Research projects

 

Far-right parties

VOXgifWhat to do about a problem like the radical right? – in progress

Abstract: Reactions to the rise of far-right parties that advocate democratic backsliding and the dilution of socially liberal democratic norms present a a dilemma for existing political parties. How should  existing political parties respond to this challenge? A commonly adopted strategy is to apply a cordon sanitaire which excludes radical right-wing challengers from the government-forming process. Do voters support this policy? Leveraging data from Spain, I rely on individual citizens’ views on how parties should respond to rise of the new far-right party, VOX, to answer this questions. Empirically, I find very low level support for the cordon sanitaire. Indeed, the median position of the electoral, regardless of their ideological position, is to treat the party just like any other. These results are also not conditioned by the propensity of individuals to identify VOX as indeed a radical right party. The findings suggest that whilst radical right-wing parties may present an inimical threat to democratic norms, citizens do not necessarily view the means of squashing this threat to be one of strategic exclusion. 

Partisanship, Campaigns,  & voter mobilisation

Negative Political Identities and Costly Political Action.
(with Katharina Lawall, Joshua Townsley and Florian Foos) –  presented at APSA 2021 and EPSA 2022

Abstract: Elite and mass level politics in many Western democracies is increasingly characterised by the expression of negative feelings towards political out-groups. While the existence of these feelings is well-documented, there is little evidence on the consequences of activating these identities during election campaigns. Can political campaigns use negative political identity cues to raise donations? We test whether fundraising emails containing negative or positive political identity cues lead supporters of a party to donate money via a large pre-registered digital field experiment conducted in collaboration with a British political party. We find that emails containing negative as opposed to positive identity cues lead to a higher number and frequency of donations. We also find that negative identity cues were only effective when paired with an issue cue rather than a traditional party identity cue, resulting in a 15% increase in the probability of donating over the untreated control. Our results provide novel experimental evidence on behavioural effects of activating political identities in real-world political campaigns.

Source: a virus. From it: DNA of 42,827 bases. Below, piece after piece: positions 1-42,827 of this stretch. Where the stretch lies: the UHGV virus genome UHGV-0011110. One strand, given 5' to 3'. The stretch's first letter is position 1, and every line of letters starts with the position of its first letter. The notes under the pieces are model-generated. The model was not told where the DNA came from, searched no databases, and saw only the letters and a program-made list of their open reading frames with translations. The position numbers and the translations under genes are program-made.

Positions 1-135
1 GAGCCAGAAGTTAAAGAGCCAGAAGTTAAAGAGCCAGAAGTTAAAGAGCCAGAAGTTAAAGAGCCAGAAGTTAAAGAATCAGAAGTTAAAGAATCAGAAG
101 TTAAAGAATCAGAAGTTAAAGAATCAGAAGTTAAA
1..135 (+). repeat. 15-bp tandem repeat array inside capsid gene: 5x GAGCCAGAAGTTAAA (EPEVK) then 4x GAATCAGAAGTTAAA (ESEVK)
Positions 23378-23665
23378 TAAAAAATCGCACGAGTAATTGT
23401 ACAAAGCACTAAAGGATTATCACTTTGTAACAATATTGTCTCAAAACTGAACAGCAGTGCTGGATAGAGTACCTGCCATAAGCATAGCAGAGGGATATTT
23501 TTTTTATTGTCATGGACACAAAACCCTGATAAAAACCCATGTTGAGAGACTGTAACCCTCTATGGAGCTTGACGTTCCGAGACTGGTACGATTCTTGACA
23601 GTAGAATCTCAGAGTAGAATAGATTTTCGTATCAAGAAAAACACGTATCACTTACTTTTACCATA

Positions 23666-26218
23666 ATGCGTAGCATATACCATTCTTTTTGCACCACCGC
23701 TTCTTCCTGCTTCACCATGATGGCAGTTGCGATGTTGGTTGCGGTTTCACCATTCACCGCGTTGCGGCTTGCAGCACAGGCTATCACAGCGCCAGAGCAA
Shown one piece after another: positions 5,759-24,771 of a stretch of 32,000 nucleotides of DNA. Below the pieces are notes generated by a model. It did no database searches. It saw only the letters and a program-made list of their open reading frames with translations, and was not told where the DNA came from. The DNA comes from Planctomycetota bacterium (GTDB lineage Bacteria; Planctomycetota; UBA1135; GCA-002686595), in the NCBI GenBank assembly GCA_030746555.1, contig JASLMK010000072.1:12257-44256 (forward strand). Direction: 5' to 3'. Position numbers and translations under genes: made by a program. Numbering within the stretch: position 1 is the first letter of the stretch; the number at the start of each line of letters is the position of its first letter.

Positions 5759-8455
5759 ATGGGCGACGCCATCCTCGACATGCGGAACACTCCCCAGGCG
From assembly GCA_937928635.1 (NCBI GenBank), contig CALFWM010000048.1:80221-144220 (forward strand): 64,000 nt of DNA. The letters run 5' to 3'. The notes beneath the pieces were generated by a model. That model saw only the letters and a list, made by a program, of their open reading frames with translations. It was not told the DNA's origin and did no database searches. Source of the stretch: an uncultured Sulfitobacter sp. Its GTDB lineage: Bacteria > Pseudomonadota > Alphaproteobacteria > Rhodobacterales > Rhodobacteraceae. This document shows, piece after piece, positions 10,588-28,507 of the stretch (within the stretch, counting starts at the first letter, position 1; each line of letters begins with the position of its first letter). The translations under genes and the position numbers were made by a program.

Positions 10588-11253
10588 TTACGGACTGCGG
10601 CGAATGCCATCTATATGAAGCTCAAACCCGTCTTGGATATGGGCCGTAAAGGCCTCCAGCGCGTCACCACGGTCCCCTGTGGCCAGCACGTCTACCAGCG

“I am Iron Man!”: Heroizing and Villainizing Partisan Identities via Outgroup Projection Bias.
(with Markus Wagner) –  in progress

Abstract: Building upon insights in social psychology and developments in affective polarisation, we present a theoretical argument positing that how individuals with partisan identities project their own identities – as well as those of partisans to which they they are negatively predisposed onto individuals they view as virtuous or malevolent.  Leveraging an original conjoint experiment in the US and the UK we find strong empirical support for our theory. Subgroup analysis demonstrates, however, that the prevalence of outgroup projection onto perceived malevolent individuals is not symmetrical among partisans across the aisle. Consistent with evidence of higher levels of negative affect among the left towards the rights, we find that Democrats (US) and Labour voters (UK) are significantly more prone to villainise the out-groups than their corresponding rivals on the political right.